Session 23 – Experimental Archaeology as Performance

Timetable: Saturday afternoon 1430-1800 in the Theresa Singleton Zoom Room.

Format: Standard session

Organisers: Caradoc Peters, Sally Herriett, Stuart Falconer

Contact: rutcpeters@plymouth.ac.uk; sallyherriett@truro-penwith.ac.uk; rutsfalconer@plymouth.ac.uk

Archaeologists’ work is often thought of a mixture of humanities, science and technology, but it is also Theatre (cf. Pearson & Shanks 2001). How much more so when archaeologists are involved in experimental work. With a growing interest in the experiential aspects of such reconstructive activities, practitioners recreate not just maquettes of past objects and structures but also patterns of behaviours, that can lead to the experience of, emotions and sensations. Such behaviours, emotions and sensations are then scrutinised by audiences for authenticity and accessibility. These dramatics and indeed dramaturgy can be organised and performed in Real Life or even in Virtual Reality via machinima.
Furthermore, the performance of experiment can be perceived through the experiences of different backgrounds and demographic statuses (cf. Ihde 1995). The materials used and their authenticity are also performers of a sort, so it is not simply a question of a fixed predictable outcome but also an authenticity of immediacy and at least an element of unpredictability (cf. Coole & Frost 2010).

Papers

1430 – Session introduction

Caradoc Peters

1440 – Plaquettes as performance: Reflections on experimental replication of Magdalenian engraved limestone plaquettes  

Andy Needham, University of York; Matt Amy, Independent Researcher; Izzy Wisher, Durham University; Andy Langley, University of York; Aimée Little, University of York

Engraved stone plaquettes are a type of portal art found on many Magdalenian sites. They are made of varying geologies and featuring diverse animal, geometric, and abstract compositions. In contrast to Palaeolithic parietal art, they are typically found in occupation sites, suggesting they may have been a visible part of Magdalenian daily life. We present the results of an experimental archaeological programme exploring plaquette biographies and their association with hearths, focusing on limestone plaquettes from the French Magdalenian site of Montastruc. We argue plaquettes at the site were positioned purposefully in close proximity to hearth structures, which may have been significant in how the plaquettes were used and understood. Using experimental archaeology and virtual reality modeling, we suggest that plaquettes took on new significance in low light levels by the fire, with art and the roving firelight commingling, creating a performative experience. We further reflect on the experiential process of experimental plaquette production and use, both in the context of controlled experimentation, but also in the creation of plaquettes during teaching, outreach, and conference activities. The experiential aspect of experimental archaeology can fuel new insights about the objects in question and can be an effective means of engaging diverse audiences in detailed and nuanced discussions about the artefacts at the centre of the experiment.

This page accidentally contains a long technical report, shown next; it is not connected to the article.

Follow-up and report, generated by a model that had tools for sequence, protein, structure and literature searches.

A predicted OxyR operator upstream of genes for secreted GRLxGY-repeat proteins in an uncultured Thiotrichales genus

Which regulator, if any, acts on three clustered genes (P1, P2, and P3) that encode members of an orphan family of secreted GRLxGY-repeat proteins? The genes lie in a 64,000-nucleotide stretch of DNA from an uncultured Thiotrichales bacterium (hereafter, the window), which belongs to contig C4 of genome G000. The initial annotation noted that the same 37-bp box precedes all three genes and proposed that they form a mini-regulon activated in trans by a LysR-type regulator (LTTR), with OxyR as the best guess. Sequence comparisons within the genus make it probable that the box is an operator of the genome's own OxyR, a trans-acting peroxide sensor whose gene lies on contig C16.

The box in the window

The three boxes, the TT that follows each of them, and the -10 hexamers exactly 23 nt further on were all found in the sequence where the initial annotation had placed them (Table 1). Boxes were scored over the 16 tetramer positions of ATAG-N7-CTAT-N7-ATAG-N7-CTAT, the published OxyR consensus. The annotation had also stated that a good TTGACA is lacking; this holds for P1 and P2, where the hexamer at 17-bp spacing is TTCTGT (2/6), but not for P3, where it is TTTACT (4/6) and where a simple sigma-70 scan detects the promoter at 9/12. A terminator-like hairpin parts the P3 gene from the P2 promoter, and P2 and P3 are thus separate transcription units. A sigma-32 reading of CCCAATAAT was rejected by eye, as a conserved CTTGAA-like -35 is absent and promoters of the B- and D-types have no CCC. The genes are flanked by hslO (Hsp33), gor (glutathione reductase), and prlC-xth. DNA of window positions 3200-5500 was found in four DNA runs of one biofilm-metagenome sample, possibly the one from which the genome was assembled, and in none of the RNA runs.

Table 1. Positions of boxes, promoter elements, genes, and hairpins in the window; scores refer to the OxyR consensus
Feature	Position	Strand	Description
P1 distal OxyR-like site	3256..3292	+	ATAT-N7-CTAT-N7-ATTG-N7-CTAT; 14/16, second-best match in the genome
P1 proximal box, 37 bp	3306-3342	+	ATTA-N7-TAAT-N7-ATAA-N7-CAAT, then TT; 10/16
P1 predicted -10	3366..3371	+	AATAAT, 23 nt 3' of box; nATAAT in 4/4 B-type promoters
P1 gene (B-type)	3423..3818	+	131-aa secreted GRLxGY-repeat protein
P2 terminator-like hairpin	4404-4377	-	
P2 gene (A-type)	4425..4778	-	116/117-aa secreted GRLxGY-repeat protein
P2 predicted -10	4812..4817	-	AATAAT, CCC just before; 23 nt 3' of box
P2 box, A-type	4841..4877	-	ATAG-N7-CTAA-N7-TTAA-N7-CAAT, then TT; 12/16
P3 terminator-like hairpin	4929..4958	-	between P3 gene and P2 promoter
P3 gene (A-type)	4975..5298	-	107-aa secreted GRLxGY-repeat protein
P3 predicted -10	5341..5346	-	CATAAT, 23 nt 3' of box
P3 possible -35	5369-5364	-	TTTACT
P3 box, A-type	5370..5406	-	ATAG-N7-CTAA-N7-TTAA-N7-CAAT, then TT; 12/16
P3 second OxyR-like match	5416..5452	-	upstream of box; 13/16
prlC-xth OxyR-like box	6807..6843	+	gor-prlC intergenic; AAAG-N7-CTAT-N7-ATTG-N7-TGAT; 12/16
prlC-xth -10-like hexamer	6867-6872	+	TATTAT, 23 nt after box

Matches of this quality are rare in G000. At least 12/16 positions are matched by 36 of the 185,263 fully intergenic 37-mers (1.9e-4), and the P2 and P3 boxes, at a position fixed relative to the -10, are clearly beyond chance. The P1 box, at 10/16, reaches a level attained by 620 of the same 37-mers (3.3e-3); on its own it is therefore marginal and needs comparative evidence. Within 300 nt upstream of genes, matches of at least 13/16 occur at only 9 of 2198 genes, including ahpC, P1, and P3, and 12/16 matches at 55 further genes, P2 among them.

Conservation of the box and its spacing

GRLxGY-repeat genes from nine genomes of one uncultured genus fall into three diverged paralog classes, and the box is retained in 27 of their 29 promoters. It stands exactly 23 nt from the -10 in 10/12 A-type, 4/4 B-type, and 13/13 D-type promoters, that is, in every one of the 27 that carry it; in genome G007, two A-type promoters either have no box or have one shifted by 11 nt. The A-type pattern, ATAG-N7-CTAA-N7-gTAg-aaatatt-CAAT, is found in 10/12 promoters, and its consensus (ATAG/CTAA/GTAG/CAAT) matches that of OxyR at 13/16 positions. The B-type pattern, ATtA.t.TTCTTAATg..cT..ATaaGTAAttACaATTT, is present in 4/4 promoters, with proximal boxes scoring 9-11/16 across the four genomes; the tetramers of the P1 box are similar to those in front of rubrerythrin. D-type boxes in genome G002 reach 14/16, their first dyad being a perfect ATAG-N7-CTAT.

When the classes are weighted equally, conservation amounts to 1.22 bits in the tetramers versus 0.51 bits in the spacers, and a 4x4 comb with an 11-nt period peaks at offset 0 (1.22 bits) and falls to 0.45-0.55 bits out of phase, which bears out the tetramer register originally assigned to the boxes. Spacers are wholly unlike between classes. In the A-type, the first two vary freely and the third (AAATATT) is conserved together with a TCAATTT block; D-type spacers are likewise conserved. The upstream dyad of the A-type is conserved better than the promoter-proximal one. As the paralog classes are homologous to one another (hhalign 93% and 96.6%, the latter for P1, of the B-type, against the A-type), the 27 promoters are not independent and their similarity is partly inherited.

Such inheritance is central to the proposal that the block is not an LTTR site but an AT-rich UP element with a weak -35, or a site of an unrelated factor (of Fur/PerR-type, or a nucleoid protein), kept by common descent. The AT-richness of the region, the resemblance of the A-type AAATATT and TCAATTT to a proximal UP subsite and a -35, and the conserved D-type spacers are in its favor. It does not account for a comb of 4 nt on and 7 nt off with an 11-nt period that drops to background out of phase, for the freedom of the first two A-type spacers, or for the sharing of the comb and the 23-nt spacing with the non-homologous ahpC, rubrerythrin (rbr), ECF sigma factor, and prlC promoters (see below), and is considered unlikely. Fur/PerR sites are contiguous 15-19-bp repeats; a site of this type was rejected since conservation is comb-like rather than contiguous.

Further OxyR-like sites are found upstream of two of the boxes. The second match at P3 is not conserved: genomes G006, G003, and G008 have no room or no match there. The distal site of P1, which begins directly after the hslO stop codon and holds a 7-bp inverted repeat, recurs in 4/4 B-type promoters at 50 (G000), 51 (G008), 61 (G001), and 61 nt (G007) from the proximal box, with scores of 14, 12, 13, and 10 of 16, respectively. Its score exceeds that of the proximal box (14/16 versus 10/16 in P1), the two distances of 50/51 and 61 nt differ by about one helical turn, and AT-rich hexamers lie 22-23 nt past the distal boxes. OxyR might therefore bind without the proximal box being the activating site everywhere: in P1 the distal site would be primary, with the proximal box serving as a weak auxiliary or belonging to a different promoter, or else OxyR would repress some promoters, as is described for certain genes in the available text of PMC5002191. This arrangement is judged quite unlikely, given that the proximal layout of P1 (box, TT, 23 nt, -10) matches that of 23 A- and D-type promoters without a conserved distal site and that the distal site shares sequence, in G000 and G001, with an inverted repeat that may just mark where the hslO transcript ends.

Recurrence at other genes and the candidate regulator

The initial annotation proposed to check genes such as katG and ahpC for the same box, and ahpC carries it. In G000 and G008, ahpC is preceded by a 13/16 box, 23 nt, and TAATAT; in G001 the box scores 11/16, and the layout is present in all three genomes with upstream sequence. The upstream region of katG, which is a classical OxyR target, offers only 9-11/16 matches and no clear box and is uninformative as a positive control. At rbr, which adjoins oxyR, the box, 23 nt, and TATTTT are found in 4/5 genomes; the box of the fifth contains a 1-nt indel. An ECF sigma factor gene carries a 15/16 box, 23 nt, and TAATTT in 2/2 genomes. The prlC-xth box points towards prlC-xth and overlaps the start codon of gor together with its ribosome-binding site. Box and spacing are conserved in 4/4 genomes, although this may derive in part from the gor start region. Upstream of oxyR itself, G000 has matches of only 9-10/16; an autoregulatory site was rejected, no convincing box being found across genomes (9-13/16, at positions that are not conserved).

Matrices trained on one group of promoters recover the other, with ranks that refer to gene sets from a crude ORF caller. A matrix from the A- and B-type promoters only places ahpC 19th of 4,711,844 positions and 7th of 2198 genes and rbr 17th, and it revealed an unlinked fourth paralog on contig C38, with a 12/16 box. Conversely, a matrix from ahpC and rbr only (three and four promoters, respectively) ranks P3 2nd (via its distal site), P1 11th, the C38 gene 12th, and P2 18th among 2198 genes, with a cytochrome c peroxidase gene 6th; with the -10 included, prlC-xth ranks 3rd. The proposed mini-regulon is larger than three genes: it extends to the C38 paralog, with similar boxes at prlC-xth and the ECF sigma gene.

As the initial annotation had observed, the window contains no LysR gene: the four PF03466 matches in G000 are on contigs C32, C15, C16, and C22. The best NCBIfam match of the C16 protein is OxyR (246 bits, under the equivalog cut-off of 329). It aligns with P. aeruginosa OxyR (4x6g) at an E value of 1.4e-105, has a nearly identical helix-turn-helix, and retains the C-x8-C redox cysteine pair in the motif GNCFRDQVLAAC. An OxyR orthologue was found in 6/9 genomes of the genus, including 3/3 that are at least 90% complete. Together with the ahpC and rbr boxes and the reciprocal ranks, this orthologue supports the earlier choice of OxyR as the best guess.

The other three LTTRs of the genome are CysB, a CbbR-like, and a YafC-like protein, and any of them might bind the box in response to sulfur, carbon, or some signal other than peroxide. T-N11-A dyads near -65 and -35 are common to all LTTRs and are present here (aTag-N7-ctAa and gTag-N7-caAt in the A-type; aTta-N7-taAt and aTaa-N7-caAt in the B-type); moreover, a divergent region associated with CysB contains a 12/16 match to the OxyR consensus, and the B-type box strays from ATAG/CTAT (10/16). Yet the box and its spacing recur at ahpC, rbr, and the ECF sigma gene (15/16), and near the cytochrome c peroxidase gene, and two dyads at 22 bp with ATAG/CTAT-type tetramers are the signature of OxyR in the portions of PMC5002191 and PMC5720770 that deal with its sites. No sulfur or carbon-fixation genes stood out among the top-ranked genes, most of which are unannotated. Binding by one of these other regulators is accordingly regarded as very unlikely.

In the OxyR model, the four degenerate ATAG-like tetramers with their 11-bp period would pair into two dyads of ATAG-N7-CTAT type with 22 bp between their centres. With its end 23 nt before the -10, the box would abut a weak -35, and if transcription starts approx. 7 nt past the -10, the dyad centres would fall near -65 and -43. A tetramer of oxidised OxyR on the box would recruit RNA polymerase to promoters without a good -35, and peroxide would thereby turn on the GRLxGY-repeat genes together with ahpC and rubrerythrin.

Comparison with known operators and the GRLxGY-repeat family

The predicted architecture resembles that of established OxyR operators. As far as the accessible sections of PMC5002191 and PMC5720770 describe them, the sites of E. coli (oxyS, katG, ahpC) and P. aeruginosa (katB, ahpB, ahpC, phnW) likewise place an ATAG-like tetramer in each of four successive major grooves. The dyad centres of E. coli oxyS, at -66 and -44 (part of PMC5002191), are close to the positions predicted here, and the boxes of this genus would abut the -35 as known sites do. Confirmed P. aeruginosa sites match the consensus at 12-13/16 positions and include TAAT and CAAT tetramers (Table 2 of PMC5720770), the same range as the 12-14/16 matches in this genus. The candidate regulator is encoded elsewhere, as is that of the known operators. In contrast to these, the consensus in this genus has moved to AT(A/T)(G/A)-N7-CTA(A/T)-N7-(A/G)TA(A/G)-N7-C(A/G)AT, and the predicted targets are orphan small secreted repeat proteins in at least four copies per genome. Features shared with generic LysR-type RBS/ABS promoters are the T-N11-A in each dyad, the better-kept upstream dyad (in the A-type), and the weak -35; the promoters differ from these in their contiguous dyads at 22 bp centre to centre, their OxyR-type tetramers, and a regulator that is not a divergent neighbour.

1510 – The Serendipity of Sound and Colour: Stone from the Past  

Caradoc Peters, Truro College, University of Plymouth

No vocabulary remains for colours and sounds from prehistory and it can even be limited for historic periods.  Indeed, the vocabulary that we take for granted turns out to be highly variable through time and from language to language.  

Together with students, archaeology staff experimented with the working of stone types from a variety of periods in Cornwall. Videos and sounds were collected of the processing. Colours from the worked stone and from the dust produced during the processing were noted too.  

These samples were then compared to colours and natural sounds in the environment. The idea was that in the absence of pre-existing terminology, especially for prehistory, nature would have been an obvious source for inspiration. The results were not always as expected, and they raised more subtle and complex questions of perception. 

1540 – From Repulsion To Admiration – Understanding The Nuances Of Primitively Processed Animal Skin  

Sally Herriett, Truro College, University of Plymouth